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Inorganic Chemistry

III-V semiconductors sport clathrate structures

Method for making the electronics workhorse materials with cage-like structures may lead to new applications

by Mitch Jacoby
January 26, 2020 | A version of this story appeared in Volume 98, Issue 4

An image showing the structure of a new clathrate.
Credit: J. Am. Chem. Soc.
A new semiconductor clathrate is composed of pentagonal dodecahedron cages (blue) and tetrakaidecahedron cages (green).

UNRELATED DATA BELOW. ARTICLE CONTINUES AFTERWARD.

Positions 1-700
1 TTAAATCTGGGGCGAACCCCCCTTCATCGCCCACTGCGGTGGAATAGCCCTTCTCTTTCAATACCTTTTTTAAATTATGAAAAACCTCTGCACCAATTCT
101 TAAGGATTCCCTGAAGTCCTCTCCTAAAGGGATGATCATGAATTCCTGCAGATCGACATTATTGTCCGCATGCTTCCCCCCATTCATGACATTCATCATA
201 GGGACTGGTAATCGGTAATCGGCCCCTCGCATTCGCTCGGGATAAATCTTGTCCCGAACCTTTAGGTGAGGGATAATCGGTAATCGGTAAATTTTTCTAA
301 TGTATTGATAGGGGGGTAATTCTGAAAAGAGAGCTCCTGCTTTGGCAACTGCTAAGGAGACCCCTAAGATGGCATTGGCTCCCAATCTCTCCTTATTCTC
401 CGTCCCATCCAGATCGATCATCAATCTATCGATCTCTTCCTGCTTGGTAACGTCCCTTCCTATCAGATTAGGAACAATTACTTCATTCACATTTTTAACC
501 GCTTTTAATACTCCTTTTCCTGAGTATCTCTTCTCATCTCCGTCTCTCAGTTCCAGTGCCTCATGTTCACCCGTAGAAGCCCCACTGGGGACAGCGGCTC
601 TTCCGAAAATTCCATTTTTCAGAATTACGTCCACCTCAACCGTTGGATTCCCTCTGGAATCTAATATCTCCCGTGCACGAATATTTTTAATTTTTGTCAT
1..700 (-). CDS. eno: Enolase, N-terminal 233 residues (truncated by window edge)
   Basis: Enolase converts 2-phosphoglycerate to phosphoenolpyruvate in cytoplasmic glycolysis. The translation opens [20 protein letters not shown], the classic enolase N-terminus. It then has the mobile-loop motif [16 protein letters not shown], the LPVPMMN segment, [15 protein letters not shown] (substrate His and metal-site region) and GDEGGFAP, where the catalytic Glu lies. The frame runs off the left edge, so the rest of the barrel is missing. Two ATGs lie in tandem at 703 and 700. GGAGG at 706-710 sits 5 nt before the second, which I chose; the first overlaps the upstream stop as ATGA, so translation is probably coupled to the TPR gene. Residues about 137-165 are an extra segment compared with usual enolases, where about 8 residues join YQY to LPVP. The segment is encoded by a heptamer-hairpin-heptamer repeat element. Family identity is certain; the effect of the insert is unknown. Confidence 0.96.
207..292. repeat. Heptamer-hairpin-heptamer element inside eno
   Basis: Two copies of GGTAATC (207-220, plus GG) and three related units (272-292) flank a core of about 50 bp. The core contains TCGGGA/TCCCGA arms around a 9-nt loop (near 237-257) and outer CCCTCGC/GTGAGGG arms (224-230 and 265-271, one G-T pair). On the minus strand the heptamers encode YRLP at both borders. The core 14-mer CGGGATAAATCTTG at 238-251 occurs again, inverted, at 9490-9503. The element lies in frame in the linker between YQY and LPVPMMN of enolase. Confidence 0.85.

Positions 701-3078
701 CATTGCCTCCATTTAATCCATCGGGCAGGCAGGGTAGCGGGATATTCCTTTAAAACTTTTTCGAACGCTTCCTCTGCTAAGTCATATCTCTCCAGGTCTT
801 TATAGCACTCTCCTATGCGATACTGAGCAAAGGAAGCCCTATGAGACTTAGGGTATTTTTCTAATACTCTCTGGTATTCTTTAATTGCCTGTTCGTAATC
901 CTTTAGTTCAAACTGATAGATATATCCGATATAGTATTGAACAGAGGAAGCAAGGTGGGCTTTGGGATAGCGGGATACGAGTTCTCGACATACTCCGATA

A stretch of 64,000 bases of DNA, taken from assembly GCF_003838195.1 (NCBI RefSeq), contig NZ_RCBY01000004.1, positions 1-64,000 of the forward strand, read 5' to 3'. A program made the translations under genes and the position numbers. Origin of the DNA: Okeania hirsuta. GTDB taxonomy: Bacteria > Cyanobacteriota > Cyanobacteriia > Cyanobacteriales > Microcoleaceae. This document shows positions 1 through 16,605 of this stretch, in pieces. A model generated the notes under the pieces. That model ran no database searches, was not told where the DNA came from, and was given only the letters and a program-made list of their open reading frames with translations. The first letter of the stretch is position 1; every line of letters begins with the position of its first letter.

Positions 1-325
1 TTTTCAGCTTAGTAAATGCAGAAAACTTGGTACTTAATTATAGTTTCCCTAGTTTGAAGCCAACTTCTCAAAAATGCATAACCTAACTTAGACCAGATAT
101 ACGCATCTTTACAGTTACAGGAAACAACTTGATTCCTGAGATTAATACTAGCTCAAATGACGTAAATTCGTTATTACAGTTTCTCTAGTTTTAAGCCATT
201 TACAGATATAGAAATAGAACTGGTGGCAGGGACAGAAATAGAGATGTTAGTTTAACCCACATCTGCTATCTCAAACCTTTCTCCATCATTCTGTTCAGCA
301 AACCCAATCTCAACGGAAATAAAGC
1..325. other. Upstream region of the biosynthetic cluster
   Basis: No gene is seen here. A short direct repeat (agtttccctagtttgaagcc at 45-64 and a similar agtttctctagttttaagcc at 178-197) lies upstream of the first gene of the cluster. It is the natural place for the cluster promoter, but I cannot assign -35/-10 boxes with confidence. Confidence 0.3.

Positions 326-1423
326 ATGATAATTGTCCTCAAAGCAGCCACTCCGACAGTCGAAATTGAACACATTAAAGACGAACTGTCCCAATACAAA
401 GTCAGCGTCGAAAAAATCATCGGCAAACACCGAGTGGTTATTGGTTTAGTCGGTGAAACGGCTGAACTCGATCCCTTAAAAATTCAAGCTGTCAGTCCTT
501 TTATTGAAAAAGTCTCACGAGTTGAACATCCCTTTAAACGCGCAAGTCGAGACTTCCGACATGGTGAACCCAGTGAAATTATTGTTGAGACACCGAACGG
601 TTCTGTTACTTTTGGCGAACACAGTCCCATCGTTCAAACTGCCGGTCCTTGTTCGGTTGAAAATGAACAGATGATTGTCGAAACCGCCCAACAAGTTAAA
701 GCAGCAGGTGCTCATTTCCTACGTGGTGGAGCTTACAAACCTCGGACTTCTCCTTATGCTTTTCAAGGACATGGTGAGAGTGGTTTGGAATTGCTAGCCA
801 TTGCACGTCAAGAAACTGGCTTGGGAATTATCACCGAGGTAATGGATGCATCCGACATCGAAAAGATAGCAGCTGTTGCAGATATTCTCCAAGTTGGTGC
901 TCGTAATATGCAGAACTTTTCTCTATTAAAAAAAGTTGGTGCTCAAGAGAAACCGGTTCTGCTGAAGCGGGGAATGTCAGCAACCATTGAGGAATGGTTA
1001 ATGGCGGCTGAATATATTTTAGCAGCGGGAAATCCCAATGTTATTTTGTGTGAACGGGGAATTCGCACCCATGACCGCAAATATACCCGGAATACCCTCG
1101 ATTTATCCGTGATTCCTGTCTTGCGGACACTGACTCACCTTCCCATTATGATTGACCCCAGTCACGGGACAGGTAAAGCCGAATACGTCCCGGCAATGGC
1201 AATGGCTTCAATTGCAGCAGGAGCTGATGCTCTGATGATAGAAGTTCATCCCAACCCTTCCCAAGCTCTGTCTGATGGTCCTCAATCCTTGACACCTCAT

Semiconductors composed of one group III and one group V element are widely used in light-emitting diodes, thermal imaging systems, and other commercial devices. These binary materials, which include gallium and indium antimonide, may soon find their way into even more electronic applications thanks to a study showing that the normally nonporous materials can be prepared as inherently tunable clathrates—crystals with cage-like cavities that trap molecules or ions (J. Am. Chem. Soc. 2020, DOI: 10.1021/jacs.9b12351). By using high-temperature methods to react stoichiometric quantities of group III and group V elements (or binary precursors) with either rubidium or cesium, Bryan Owens-Baird, Jian Wang, and Kirill Kovnir of Iowa State University and coworkers synthesized three unconventional III-V clathrates: Cs8In27Sb19, Cs8Ga27Sb19, and Rb8Ga27Sb19. Analyses show that the new compounds retain the high charge-carrier mobility and other critical semiconductor properties of the conventional versions. For example, the values of those parameters in Cs8In27Sb19 are on par with those of standard InSb, a top-performing semiconductor. Clathrates were discovered in the early 1800s by Humphry Davy. Two hundred years later, “it’s still interesting and exciting to expand clathrate chemistry to unconventional combinations of elements,” Kovnir says.


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